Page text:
Political usage

The term is often used to refer in an attempt to avoid invoking sensitivities over the political status of Taiwan.[7] Some supporters of Chinese reunification object to the term as it implies that "Greater China" is different from China. For many Asians, the term is a reminder of the "Greater East Asia Co-Prosperity Sphere", a euphemism for the region controlled by the Japanese Empire during the Second World War.[13]

At the time the term started gaining currency in the 1980s, it began to meet with objections from those representing mainland Chinese interests. They expressed concern at the possibility of opportunistic non-citizens, motivated more by profit than loyalty or patriotism, seeking to take advantage of Chinese economic growth, and at the erosion of the Chinese nation-state. One such scholar described typical objections:[6]

From the national perspective, we reject the concept of a Greater China. From the legal perspective, we cannot mix up different nationals [simply] because they have the same language and culture as we do . . . [Similarly], most Southeast Asian Chinese reject this concept. [But] Taiwan likes this view of Greater China. It is a business concept to capitalize on China's development. Western scholars see a stronger China and project their own model by exaggerating data on overseas-Chinese development. This problem must be seen on the level of government-to-government relations. We see things as a business matter. Overseas Chinese come not because they are patriotic but because of investment benefits. We need to clearly differentiate between those who are nationals, and those who are from overseas.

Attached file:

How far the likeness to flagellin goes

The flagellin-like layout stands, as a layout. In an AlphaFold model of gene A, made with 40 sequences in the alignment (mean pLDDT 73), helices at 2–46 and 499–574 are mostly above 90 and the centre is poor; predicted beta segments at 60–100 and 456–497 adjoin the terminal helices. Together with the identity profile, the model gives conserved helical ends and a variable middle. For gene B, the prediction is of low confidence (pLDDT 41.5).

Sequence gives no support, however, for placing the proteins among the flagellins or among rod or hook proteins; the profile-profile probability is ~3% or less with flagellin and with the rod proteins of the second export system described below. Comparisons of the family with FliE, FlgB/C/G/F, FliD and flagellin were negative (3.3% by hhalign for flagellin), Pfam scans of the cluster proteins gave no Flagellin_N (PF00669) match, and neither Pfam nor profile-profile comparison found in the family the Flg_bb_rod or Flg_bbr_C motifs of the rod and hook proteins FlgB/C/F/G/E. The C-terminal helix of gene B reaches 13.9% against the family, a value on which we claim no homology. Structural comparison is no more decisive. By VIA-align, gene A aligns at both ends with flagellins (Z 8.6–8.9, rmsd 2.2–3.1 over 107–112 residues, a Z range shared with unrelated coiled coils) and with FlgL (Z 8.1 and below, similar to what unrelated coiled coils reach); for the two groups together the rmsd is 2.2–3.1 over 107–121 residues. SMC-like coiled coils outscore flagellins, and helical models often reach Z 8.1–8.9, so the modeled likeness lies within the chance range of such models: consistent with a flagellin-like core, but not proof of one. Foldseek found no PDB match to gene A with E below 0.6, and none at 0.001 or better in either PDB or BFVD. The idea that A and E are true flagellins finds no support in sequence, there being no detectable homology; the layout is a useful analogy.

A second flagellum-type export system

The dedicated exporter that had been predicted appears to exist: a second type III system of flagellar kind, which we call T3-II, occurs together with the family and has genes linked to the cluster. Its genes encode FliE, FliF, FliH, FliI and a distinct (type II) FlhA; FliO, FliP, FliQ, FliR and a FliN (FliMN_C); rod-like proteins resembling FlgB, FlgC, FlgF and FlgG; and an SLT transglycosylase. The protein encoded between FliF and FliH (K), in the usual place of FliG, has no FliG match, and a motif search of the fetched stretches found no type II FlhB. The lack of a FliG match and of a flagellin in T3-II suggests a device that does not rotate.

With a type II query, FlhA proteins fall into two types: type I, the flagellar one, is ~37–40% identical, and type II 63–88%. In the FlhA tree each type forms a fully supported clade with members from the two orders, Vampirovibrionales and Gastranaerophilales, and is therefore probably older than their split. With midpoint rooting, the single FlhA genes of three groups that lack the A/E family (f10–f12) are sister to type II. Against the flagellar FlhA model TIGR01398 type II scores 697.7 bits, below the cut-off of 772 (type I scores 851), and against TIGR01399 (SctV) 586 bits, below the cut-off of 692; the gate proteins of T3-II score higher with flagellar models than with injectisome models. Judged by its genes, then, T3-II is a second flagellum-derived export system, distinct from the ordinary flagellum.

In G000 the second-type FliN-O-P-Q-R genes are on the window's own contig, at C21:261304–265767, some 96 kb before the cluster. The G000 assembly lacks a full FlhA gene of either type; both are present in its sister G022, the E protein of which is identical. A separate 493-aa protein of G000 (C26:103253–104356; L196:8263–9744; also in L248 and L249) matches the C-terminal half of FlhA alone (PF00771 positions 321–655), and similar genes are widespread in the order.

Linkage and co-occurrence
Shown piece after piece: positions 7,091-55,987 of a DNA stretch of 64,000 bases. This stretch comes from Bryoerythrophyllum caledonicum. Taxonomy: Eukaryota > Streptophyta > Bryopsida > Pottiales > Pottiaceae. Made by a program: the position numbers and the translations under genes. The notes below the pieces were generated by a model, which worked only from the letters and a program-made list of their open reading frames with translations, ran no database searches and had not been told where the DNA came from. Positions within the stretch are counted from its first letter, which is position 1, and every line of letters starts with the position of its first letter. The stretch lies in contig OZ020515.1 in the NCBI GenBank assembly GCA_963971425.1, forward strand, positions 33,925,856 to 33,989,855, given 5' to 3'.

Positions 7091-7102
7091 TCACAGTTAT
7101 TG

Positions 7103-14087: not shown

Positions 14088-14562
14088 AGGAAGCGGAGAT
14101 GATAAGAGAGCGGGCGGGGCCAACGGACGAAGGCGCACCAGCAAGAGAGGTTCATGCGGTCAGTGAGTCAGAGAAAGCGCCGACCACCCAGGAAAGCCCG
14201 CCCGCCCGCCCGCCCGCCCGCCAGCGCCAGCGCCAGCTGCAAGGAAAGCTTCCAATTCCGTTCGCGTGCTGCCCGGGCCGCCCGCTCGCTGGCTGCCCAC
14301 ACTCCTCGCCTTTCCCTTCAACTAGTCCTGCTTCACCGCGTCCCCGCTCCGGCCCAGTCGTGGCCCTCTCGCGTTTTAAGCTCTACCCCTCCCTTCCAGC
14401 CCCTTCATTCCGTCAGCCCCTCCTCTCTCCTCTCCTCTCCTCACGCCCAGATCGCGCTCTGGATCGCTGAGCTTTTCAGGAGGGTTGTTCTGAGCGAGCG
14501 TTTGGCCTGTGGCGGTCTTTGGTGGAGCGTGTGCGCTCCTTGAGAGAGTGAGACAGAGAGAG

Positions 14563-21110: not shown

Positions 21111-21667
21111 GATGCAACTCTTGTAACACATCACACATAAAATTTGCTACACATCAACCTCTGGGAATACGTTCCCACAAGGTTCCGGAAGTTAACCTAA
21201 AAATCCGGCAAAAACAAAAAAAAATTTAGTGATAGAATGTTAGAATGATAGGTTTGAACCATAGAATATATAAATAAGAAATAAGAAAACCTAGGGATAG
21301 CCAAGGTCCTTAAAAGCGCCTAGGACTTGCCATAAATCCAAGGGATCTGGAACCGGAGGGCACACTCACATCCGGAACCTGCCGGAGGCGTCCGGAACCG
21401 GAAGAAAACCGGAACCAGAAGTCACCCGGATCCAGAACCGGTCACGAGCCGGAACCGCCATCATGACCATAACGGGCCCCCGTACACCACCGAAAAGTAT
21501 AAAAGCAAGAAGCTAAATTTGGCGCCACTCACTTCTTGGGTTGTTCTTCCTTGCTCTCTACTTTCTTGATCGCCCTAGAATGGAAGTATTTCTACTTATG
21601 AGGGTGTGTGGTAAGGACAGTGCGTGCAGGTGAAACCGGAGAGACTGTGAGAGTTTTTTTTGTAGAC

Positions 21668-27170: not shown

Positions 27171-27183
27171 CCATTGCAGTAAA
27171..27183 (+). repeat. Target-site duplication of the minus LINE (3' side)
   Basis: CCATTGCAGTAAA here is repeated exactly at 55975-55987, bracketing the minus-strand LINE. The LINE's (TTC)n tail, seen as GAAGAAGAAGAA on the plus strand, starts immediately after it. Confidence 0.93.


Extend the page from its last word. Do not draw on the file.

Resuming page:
—Huang Kunzhang, professor at Shantou University

See also


  1. ^ "Apple overtakes Lenovo in China sales". Financial Times. 18 August 2011. Retrieved 19 November 2011. 
  2. ^ MTV Channels In Southeast Asia and Greater China To Exclusively Air The Youth Inaugural Ball - MTV Asia
  3. ^ June 1, 2008, Universal Music Group realigns presence in Greater China, Television Asia (Article archive at Newser)
  4. ^
  5. ^ a b c d Harding, Harry (Dec 1993). "The Concept of 'Greater China': Themes, Variations and Reservations". The China Quarterly (136, Special Issue: Greater China): 660. 
  6. ^ a b Aihwa Ong (1999). Flexible Citizenship: The Cultural Logics of Transnationality. Duke University Press. p. 60.  
  7. ^ a b Aretz, Tilman (2007). The greater China factbook. Taipei: Taiwan Elite Press.  
  8. ^ "Prospectus - ING Global and International Equity and Fixed-Income Funds - Class A, B,".  
  9. ^ "Dreyfus Greater China Fund (prospectus)".  
  10. ^ "J.P. Morgan Country/Region Funds: Class A, Class B & Class C Shares".  
  11. ^ "HSBC Chinese Equity Fund (Factsheet)".  
  12. ^ Langston, Rob (2009-02-23). "HSBC announces changes to Greater China fund".  
  13. ^ Shambaugh, David (Dec 1993). "Introduction: The Emergence of 'Greater China'". The China Quarterly (136, Special Issue: Greater China): 654.